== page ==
Regarding for tumors with altered Bax/Bcl-2 Ratio, previous studies have showed Bax/Bcl-2 ratio as a predictive marker, using western blot analysis, Lee et al. showed that Bax/Bcl-2 ratio indicated the cellular radiosensitivity of some cell lines in pancreatic cancerous cells [49].

Similarly, an association was found between Bax/Bcl-2 ratio and clinical response to chemoradiotherapy in bladder cancer patients based on immunohistochemistry [50]. Significant correlation between Bax/Bcl- 2 ratio determined before radiation therapy and clinical response in breast cancerous patients acting as biomarker to determine radiosensitive individuals [51]. Bax and Bcl-2 expression was most predictive of outcome when combined as Bax/Bcl-2 expression ratio in colorectal tumors compared to expression levels of Bax and/or Bcl-2 genes alone [52].

How we could direct Bax/Bcl-2 Ratio in cancer therapy; Given numerous reports underlining reduced expression of Bax and increased expression of Bcl-2 in many drug-resistant tumor cells and recent reports showing the ability of 4-aryl-4H-chromenes family to induce procaspase-9 cleavage and chromene compounds induce mitochondrial apoptotic pathway that might be mediated through the Bcl-2 and Bax proteins [53].

Various anticancer agents that induce apoptosis of cancer cells involve the participation of the pro-apoptotic protein Bax. Examples include Hsp90 inhibitor 17-AAG [54] and histone deacetylase (HDAC) inhibitors [55], Hsp90 inhibitors activate p53-dependent apoptosis that mediated by Puma and Bax [56], Cells lacking Bax and Bak prevent apoptosis mediated by HDAC inhibitors [57], Human colorectal cancer cells that lack functional Bax genes are partially resistant to the apoptotic effects of chemotherapeutic agent 5-fluofouracil, and totally remove the apoptotic response to chemopreventive agent sulindac and other nonsteroidal antiinflammatory drugs [58].

Since the molecular cloning of Bcl-2 by Korsmeyer et al. [59], there has been tremendous progress in identifying Bcl-2 family members as targets for drug development. In the last 20 years, the anti-apoptotic properties of Bcl-2 were discovered, the overexpression of Bcl-2 conferring chemoresistance was demonstrated and the 3-dimentional protein structure of Bcl-XL was reported, which led to the development of protein inhibitors [60]. The first agent targeting Bcl-2 that entered clinical trials is a Bcl-2 antisense (oblimersen sodium), which has shown chemosensitizing effects when combined with conventional chemotherapy drugs in chronic lymphocytic leukemia patients, leading to improved survival, More recent advances include the discovery of small molecule inhibitors of the Bcl-2 family proteins. They are designed to bind the hydrophobic groove of anti-apoptotic Bcl-2 proteins in place of BH3-only proteins (i.e., BH3-mimetics). They can oligomerize Bax or Bak that can subsequently depolarize mitochondrial membrane potential leading to release cyto-c., many agents targeting the Bcl-2 proteins family have been developed, and three of these have entered clinical trials [61].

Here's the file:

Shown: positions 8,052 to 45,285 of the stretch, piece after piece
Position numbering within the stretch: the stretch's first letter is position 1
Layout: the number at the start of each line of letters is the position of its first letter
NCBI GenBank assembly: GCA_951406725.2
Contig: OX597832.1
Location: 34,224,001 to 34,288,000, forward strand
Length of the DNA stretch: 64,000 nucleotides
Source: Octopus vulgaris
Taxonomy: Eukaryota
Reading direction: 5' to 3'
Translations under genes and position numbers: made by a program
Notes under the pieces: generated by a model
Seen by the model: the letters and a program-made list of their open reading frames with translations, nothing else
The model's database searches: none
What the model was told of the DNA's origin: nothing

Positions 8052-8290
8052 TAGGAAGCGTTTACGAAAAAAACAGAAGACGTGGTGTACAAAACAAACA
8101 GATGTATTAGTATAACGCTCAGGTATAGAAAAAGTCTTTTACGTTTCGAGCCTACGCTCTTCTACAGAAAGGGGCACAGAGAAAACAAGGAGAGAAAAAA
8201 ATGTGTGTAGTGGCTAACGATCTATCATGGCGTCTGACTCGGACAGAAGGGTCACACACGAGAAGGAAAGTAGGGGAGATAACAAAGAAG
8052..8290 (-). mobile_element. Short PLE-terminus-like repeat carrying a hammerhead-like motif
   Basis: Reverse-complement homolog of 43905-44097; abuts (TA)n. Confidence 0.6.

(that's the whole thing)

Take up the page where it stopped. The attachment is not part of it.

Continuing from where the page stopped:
Many agents have been identified or designed to target the Bcl-2 family at the mRNA or protein level. Pharmacologic and cellular aspects of agents targeting the Bcl-2 family should be considered when exploring their potential application as chemotherapy. The binding affinity for inhibiting the anti-apoptotic Bcl-2 family members, a large and redundant family of proteins, should optimally be in the clinically achievable concentrations for each agent. Agents with high specificity give good opportunities for cancer cell drug resistance, while broader acting agents provide unexpected responses to the agents and increase systemic toxicities. There have been six anti-apoptotic Bcl-2 family members identified and several of these seem to contribute to drug resistance in cancer cells, suggesting that inhibition of multiple Bcl-2 family members will be necessary to achieve optimal therapeutic effect. One approach to enhancing the therapeutic effect of the inhibitors of anti-apoptotic Bcl-2 family members would be to use a combination of drugs that target different Bcl-2 family members [62].

To date, one Bcl-2 antisense and three small molecule Bcl-2 protein inhibitors are being tested in clinical trials. Preclinical studies seem promising, especially in combination with additional chemotherapy agents. Ongoing clinical trials to determine the effect of single agents and drug combinations will define the direction of future clinical development of the Bcl-2 inhibitors.

The mitochondrial-mediated pathway of apoptosis is regulated by the Bcl-2 family of antiapoptotic (Bcl- 2) and proapoptotic proteins (Bax), The Bcl-2 inhibits apoptosis by interacting and forming inactivating heterodimers with Bax/bak. High Bax level considered as a good prognostic indicator while Bcl-2 overexpression has been correlated with drug resistance in malignancies. Bax/Bcl-2 ratio has more important role than either promoter alone in controlling apoptosis.

This biologic ratio is feasible and reliable and is a potentially useful prognostic indicator for tailoring the intensity of treatment. This astonishing prognostic effect interprets and confirms the great role of mitochondrial apoptotic proteins, such as Bax and Bcl-2, both in sensitivity to chemotherapy and future strategies for smashing multidrug resistance in malignant tumors.